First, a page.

3. No later than July 1, 2012, this Code must be enforced in a municipality with a population of 2,000 residents or more that had not adopted any building code on or before August 1, 2008.

    4. All provisions of the MUBEC are applicable in a municipality with a population of less than 2,000 residents, but municipal enforcement of the MUBEC is voluntary."

  9. STEPHEN SHEEHY | | #9

    Reply to Martin
    As far as I can determine, the "2000 residents" was changed to "4000 residents" and towns with fewer than 4000 have the option to "not adopt any code" as well as to simply not enforce the code. As a practical matter, it doesn't matter.

  10. Expert Member
    MALCOLM TAYLOR | | #10

    Apart from liability, are there any other direct consequences of not having codes? Insurance? Access to mortgages?

  11. GBA Editor
    Martin Holladay | | #11

    Response to Stephen Sheehy (Comment #9)
    Town with fewer than 4,000 residents don't have to adopt a code, because "All building construction in Maine, with some exceptions, is governed by the Maine Uniform Building and Energy Code" and because "On December 1, 2010, this Code shall be applicable statewide" and because "All provisions of the MUBEC are applicable in a municipality with a population of less than 2,000 [now 4,000] residents."

    Adopting a code on the local level is unnecessary, because Maine has a state-wide code.

  12. GBA Editor
    Martin Holladay | | #12

    Response to Malcolm Taylor (Comment #10)
    I live in a rural area without any building permits or inspections. Like Stephen Sheehy, I live somewhere where most builders assume "we don't have any codes here." (We actually do, but municipal officials aren't aware of it.)

    Those of us who live here have access to mortgages and insurance.

  13. STEPHEN SHEEHY | | #13

    reply to Martin comment11
    Martin- here's where I got the notion that there's no code in my town, rather than it's just not enforced:

    "Municipalities with less than 4,000 residents are not required to enforce MUBEC, MUEC or MUBC unless they wish to do so and have the following Options:

    1. Chose to adopt and enforce the MUBEC as listed above

    2. Choose to adopt and enforce MUBC (the building code without energy code in it)

    3. Choose to adopt and enforce MUEC (the energy code only)

    4. Choose to have no code"

    I'm not exactly clear what that means, but it sounds like a town can affirmatively decide not to have a code. Probably not relevant unless there is some litigation over a project where alleged failure to comply with code is possible evidence of lack of reasonable care on the part of a builder.

    Of course as a practical matter, it means that some portion (maybe all?) of the houses being built don't comply with the 2009 IBC or IECC. The lack of any electrical inspections is particularly troubling.

  14. GBA Editor
    Martin Holladay | | #14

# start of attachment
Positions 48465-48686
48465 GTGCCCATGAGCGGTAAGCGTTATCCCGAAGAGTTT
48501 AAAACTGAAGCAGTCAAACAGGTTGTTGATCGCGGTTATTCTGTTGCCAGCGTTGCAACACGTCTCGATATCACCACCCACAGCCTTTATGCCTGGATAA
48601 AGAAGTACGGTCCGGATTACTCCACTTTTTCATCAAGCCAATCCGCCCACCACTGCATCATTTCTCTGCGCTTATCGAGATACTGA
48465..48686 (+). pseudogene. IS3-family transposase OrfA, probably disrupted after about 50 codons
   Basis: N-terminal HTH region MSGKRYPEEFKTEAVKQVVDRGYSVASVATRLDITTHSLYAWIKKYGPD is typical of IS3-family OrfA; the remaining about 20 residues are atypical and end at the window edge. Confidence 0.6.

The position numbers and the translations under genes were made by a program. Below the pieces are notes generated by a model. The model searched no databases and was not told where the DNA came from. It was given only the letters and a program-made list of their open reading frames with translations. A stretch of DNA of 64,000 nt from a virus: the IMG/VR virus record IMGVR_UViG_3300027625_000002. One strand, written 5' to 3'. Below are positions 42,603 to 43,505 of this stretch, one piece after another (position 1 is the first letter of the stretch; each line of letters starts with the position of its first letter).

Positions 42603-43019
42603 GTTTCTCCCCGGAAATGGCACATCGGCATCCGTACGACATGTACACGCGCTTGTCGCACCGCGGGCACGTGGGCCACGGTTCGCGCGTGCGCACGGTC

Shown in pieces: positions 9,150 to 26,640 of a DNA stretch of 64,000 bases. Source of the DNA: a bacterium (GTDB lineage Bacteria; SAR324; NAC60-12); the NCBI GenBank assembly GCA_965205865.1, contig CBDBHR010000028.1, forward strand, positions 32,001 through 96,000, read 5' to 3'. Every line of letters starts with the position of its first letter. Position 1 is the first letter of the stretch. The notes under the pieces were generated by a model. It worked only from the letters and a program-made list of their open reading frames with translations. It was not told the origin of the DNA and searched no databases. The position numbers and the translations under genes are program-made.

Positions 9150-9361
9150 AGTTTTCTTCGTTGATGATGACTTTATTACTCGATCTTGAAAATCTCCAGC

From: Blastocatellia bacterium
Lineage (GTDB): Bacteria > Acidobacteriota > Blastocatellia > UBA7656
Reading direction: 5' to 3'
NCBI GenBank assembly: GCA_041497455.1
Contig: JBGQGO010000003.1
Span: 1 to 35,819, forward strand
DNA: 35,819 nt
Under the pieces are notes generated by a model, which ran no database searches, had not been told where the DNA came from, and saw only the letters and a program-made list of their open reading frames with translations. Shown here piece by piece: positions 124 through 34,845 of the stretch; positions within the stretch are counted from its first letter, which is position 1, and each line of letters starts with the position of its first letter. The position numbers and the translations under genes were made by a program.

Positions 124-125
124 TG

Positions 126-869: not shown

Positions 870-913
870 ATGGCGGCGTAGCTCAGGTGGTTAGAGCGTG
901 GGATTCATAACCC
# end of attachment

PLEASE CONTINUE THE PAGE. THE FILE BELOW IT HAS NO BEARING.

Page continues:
Response to Stephen Sheehy
    Thanks for the further information. I wonder how many towns have affirmatively indicated their decision to "have no code."

    The situation is rather murky -- but your information is helpful.

  15. kim_shanahan | | #15

    Martin, you said: "Builders who are willing to hire an energy consultant may find that the performance path is preferable to the ERI path — in part because the performance path is more flexible, inasmuch as it doesn't require builders to comply with the 2009 IECC prescriptive envelope requirements the way the ERI path does."

    But earlier you said that following the ERI WAS a performance path (which it is). I think you meant to say that doing a whole house UA would alleviate the need to comply with the 2009 IECC prescriptive path. At least that is how I have understood the options.

    Interestingly, code negotiations for the 2018 IECC, that recently took place in Kansas City, apparently raise the ERI numbers, meaning less stringency, but also peg the prescriptive baseline to the 2015 IECC rather than the 2009 IECC. That's a big shift in the baseline.

  16. GBA Editor
    Martin Holladay | | #16

    Response to Kim Shanahan
    You are right that some people might call the new ERI compliance path a "performance" path. But it's not the only performance path available to builders under the 2015 IECC.

    When I referred to the "performance path" in this article, I was talking about the "simulated performance alternative" that has been in the IECC for several years. It can be found in Section R405. The code states, "Compliance based on simulated energy performance requires that a proposed residence ... be shown to have an annual energy cost less than or equal to the annual energy cost of the standard reference design."

    This "simulated performance alternative" can still be found in the 2015 IECC, in addition to the new ERI compliance path.

Log in or become a member to post a comment.



Recent Questions and Replies

  • |
  • |
  • |
  • |